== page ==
Qualitative Research in Tourism: Ontologies, Epistemologies and Methodologies

By Jenny Phillimore; Lisa Goodson | Go to book overview

14

The life and work history methodology

A discussion of its potential use for tourism and hospitality research
Adele Ladkin
Aims of the chapter
To provide an overview of life history analysis.
To examine the historical development of the life history method.
To outline the appeal of and the criticisms of the life history method.
To explore work history analysis and its relevance to the labour market.
To examine the life and work history methodology applied to tourism and hospitality research.
To draw conclusions regarding the implications for tourism research and knowledge.

Introduction

The purpose of this chapter is to explore the life and work history methodology, and to discuss its potential use in tourism and hospitality research. The intention is both to discuss the historical developments of the methodology and, using a selection of qualitative findings, to illustrate both the current application and the potential use of this type of research. Life and work histories are a distinct methodology in the sense that they are concerned with a particular branch of activity - in this case, all historical aspects of an individual's life. The methods used to collect life and work history information are varied, and comprise both quantitative and qualitative techniques.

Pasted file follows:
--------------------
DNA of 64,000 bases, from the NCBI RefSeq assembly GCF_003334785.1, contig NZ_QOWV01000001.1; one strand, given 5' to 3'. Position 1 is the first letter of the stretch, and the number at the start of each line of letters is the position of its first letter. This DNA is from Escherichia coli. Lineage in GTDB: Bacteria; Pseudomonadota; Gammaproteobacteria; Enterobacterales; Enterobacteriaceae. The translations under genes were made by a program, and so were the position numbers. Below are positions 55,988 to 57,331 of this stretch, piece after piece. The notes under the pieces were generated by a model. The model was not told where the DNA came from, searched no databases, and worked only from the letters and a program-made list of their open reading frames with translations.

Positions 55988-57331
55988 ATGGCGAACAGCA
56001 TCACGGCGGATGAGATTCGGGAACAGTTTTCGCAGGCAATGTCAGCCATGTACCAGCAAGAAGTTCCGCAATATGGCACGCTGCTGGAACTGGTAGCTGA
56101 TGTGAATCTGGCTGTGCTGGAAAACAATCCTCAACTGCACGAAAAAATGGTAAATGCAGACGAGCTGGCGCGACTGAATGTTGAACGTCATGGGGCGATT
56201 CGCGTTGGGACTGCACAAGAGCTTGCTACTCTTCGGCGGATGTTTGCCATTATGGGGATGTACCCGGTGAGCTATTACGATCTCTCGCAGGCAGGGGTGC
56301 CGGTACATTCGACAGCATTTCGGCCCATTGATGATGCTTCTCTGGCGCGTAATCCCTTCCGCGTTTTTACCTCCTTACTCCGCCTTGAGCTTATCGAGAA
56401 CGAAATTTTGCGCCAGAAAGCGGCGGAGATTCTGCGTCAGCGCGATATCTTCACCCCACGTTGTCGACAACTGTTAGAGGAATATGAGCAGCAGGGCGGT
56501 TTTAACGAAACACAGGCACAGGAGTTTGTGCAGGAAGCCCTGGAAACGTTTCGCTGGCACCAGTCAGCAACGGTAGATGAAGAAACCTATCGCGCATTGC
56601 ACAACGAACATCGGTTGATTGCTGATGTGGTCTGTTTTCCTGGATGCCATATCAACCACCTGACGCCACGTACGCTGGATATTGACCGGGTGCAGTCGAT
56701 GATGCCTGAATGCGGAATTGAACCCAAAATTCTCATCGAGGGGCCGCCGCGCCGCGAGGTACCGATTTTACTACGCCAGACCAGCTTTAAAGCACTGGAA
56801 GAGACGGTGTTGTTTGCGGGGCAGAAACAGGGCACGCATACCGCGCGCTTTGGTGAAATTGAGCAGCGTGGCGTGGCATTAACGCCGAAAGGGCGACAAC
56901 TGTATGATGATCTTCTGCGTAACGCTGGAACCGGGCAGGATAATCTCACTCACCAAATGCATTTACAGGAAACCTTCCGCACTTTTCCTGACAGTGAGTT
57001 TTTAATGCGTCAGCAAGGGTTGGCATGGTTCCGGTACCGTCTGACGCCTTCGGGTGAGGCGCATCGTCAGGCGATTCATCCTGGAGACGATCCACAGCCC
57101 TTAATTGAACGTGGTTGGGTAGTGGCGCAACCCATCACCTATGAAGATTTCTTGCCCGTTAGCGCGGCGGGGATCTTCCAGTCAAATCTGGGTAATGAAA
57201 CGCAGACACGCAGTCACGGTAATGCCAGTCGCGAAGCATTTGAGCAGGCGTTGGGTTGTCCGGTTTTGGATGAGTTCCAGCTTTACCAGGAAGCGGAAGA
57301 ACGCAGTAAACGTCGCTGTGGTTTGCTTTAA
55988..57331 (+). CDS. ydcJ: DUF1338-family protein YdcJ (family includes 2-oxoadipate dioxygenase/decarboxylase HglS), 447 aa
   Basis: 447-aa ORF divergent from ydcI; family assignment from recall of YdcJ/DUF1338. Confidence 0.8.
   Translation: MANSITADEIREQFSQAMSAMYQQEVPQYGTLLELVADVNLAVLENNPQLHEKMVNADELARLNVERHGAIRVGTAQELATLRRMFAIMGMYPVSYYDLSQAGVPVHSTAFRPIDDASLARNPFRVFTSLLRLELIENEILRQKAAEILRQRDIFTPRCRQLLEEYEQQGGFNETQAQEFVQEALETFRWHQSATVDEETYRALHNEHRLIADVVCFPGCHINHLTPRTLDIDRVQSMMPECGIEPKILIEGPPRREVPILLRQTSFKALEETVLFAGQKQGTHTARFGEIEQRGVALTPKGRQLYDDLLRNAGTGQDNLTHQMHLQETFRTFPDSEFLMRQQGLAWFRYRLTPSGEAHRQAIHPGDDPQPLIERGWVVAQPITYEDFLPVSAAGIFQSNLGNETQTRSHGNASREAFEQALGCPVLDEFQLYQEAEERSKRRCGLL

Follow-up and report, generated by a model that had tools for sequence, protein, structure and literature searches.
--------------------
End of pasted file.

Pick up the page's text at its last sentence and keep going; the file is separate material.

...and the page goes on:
Despite the well-documented usage of both the life and the work history methodology for a range of different applications (Dex 1991:1), as with many of the less well established research methods, the use of the methodology is at the infancy stage in relation to tourism and hospitality research. As a consequence, this chapter contains a degree of speculation on the future applicability of the methodology for tourism research. Fur-

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